Click > Rhythms of Africa for an excellent discussion on the unity and character of Sub-Saharan African Rhythms.
“A djembe or jembe is a rope-tuned skin-covered goblet drum played with bare hands, originally from West Africa. According to the Bambara people in Mali, the name of the djembe comes from the saying “Anke djé, anke bé” which translates to “everyone gather together in peace” and defines the drum’s purpose. In the Bambara language, “djé” is the verb for “gather” and “bé” translates as “peace.”The djembe has a body (or shell) carved of hardwood and a drumhead made of untreated (not limed) rawhide, most commonly made from goatskin…
The djembe can produce a wide variety of sounds, making it a most versatile drum. The drum is very loud, allowing it to be heard clearly as a solo instrument over a large percussion ensemble. The Malinké people say that a skilled drummer is one who “can make the djembe talk”, meaning that the player can tell an emotional story.”…
In the United States, Ladji Camara, a member of Ballets Africains in the 1950s, started teaching djembe in the 1960s and continued to teach into the 1990s. Camara performed extensively with Babatunde Olatunji during the 1970s, greatly raising awareness of the instrument in the US.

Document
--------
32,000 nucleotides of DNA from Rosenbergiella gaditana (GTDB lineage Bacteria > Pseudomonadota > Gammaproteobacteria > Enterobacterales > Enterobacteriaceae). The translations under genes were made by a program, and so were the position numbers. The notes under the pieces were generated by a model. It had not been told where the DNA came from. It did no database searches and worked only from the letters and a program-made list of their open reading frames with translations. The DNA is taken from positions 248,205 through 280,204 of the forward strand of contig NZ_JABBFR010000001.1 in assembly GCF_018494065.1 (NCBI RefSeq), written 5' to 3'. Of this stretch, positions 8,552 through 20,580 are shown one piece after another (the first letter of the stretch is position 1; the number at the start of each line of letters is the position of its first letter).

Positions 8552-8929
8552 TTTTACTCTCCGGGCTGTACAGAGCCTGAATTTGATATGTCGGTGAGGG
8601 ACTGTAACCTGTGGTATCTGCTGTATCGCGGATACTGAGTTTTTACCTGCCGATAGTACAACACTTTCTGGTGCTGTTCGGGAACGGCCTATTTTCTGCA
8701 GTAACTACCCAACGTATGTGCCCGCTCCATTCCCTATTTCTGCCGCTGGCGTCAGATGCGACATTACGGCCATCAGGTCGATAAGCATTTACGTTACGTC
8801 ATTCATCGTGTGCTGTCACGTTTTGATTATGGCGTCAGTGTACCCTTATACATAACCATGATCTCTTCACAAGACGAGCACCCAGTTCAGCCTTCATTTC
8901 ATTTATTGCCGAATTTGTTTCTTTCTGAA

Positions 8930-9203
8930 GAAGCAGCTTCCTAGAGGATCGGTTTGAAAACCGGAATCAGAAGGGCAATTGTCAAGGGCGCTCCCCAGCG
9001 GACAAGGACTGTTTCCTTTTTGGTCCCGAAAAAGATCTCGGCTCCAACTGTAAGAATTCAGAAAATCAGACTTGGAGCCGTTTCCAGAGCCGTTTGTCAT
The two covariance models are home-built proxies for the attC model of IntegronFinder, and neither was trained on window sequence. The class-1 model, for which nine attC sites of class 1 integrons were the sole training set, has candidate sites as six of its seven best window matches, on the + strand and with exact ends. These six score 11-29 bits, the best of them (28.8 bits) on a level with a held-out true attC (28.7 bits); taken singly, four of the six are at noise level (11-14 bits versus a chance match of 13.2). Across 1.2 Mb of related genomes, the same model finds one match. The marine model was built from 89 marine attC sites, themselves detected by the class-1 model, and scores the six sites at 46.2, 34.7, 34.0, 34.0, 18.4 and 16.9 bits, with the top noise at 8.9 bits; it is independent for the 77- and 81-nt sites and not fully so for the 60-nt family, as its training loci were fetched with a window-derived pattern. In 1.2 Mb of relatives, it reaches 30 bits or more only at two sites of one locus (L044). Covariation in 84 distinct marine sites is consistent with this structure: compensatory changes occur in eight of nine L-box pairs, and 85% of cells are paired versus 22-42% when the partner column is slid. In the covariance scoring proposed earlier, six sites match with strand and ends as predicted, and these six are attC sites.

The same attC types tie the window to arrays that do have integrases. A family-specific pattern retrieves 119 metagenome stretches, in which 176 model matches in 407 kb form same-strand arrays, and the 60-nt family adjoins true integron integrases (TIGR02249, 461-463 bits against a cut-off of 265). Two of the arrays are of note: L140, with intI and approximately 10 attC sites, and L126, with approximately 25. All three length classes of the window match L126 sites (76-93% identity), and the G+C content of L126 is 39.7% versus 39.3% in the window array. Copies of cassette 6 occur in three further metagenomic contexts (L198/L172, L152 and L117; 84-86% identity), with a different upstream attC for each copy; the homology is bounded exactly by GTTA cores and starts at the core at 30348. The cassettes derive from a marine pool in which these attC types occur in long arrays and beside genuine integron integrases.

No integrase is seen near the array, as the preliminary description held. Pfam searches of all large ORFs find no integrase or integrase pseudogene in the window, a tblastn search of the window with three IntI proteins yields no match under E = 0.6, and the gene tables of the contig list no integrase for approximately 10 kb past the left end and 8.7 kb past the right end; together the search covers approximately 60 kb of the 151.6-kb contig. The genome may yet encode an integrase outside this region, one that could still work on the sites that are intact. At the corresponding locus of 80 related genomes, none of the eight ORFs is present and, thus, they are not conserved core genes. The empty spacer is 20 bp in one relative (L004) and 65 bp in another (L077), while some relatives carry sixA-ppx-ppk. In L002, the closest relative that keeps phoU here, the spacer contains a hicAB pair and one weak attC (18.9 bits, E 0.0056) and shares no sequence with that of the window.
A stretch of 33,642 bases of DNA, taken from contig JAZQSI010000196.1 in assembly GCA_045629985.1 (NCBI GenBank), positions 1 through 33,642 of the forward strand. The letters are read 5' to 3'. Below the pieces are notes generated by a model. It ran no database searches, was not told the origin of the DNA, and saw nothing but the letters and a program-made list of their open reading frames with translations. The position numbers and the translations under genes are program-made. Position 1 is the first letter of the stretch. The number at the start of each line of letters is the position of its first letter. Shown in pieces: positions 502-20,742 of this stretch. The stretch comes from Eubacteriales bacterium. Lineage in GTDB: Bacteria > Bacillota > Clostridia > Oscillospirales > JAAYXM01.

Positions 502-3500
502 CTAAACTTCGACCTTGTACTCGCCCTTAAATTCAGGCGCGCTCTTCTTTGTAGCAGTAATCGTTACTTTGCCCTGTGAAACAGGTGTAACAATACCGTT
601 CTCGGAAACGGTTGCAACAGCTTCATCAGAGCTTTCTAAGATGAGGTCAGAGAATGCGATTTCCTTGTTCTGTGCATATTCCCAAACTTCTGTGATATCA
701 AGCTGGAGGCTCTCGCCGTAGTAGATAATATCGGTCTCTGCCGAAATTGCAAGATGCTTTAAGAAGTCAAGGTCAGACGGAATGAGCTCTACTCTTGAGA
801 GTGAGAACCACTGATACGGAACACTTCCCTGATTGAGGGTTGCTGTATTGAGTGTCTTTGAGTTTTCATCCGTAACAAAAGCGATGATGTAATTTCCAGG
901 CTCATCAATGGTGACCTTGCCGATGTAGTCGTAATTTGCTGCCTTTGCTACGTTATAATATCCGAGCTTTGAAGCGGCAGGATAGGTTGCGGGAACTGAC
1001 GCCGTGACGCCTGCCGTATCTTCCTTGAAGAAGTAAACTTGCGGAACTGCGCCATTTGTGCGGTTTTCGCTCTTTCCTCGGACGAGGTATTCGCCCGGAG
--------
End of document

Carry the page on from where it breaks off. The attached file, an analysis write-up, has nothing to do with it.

Djembe players use three basic sounds: bass, tone, and slap, which have low, medium, and high pitch, respectively. These sounds are achieved by varying the striking technique and position. Other sounds are possible (masters achieve as many as twenty-five distinctly different sounds), but these additional sounds are used rarely, mainly for special effects during a solo performance (djembe kan, literally, “the sound of the djembe”). A skilled player can use the sounds to create very complex rhythmic patterns; the combination of rhythm and the differently pitched sounds often leads an inexpert listener to believe that more than one drum is being played.
The bass sound is produced by striking the drum with the palm and flat fingers near the center of the skin. Tone and slap are produced by striking the drum closer to the edge; the contact area of the fingers determines whether the sound is a tone or a slap. For a tone, most of the area of the fingers and the edge of the palm contact the skin whereas, for a slap, the contact area is limited to the edge of the palm and the fingertips. The basic sounds are played “open”, meaning that the hands rebound immediately after a strike, so the contact time with the skin is as short as possible.”
Djembe. (2016, November 3). In Wikipedia, The Free Encyclopedia. Retrieved 18:27, November 3, 2016, from https://en.wikipedia.org/w/index.php?title=Djembe&oldid=747672331
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